Filed in Books & Media

Books in Brief

PERFECT LOVE, IMPERFECT RELATIONSHIPS, by John Welwood; A MARVELOUS GARLAND OF RARE GEMS, by Nyoshul Khenpo; TRUE DHARMA EYE, by John Daido Loori

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Perfect Love, Imperfect Relationships: Healing the Wound of the Heart
John Welwood Boston: Trumpeter, 2006 224 pp.; $19.95 (cloth)

Love is always there, waiting for you. You just need to learn how to let it in. That's the overriding message in psychotherapist and best-selling author John Welwood's latest guide to better living, and Welwood is going to teach us how to let it in. The problem, according to Welwood, is that we are all suffering from a deep "wound of the heart, " a belief born out of imperfect human relationships that we are not lovable as we are. With clear instructions and an even tone, Welwood shows us how to heal our psychic scars by opening up to the "great love" available to us all at the core of our nature.

A Marvelous Garland of Rare Gems: Biographies of masters of awareness in the Dzogchen lineage
Nyoshul Khenpo; Richard Barron, trans. Junction City: Padma Publishing, 2005 736 pp.; $49.00 (cloth)

Concern among some Tibetan Buddhist lineages that their histories are in danger of being lost is understandable. For the Nyingtik lineage, central to the Dzogchen approach, such worries have been laid to rest with this monumental chronicle. Nyoshul Khenpo (1931–1999), himself a beloved Dzogchen master, strings together this "marvelous garland" with a series of biographical accounts of the many past and present vidyadhara masters, or "holders of awareness," and their disciples. This history of an unbroken line of transmission will no doubt inspire confidence in future generations and will be a resource for scholars and practitioners alike.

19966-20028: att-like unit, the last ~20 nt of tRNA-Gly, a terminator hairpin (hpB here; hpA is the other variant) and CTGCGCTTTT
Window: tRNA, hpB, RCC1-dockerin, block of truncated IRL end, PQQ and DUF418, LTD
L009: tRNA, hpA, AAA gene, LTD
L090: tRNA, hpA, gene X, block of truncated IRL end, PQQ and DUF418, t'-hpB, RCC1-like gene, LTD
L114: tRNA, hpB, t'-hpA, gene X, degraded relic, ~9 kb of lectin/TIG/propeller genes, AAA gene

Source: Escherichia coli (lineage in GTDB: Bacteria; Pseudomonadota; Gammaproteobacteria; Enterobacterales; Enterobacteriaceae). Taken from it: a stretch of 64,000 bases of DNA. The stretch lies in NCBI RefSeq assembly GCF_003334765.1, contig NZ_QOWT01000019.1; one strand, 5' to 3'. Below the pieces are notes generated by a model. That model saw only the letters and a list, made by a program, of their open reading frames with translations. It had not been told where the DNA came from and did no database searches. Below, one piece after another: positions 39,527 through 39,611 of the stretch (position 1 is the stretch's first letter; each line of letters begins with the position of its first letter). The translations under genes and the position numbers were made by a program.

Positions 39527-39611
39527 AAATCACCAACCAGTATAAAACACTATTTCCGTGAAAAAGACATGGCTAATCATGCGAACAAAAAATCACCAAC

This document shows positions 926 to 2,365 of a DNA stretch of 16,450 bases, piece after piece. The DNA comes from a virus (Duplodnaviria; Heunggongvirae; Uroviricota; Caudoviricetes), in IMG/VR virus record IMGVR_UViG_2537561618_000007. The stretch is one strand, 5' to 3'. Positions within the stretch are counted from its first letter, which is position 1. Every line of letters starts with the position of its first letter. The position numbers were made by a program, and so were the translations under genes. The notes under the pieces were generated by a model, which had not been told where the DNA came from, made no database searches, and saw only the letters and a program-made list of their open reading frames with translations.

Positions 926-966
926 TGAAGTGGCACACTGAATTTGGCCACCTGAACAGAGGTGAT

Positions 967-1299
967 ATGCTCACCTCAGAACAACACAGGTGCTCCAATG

The True Dharma Eye: Dogen's 300 Koans
John Daido Loori; Kazuaki Tanahashi, trans. Boston: Shambhala Publications, 2005 528 pp.; $39.95 (cloth)

Zen Master Eihei Dogen, thirteenth-century founder of the Japanese Soto school of Zen, was at times critical of koan study. This collection of three hundred koans, compiled by Dogen himself, is ample proof that he did consider them a useful tool for Zen practice. Though far less well known than his masterwork the Kana Shobogenzo, these koans inform much of Dogen's other work. Loori Roshi, abbot of Zen Mountain Monastery, in Mt. Tremper, New York, and an accomplished teacher and author in his own right, has added his own commentaries and poetic cap verses, offering to modern students new entry into this profound and ancient practice.

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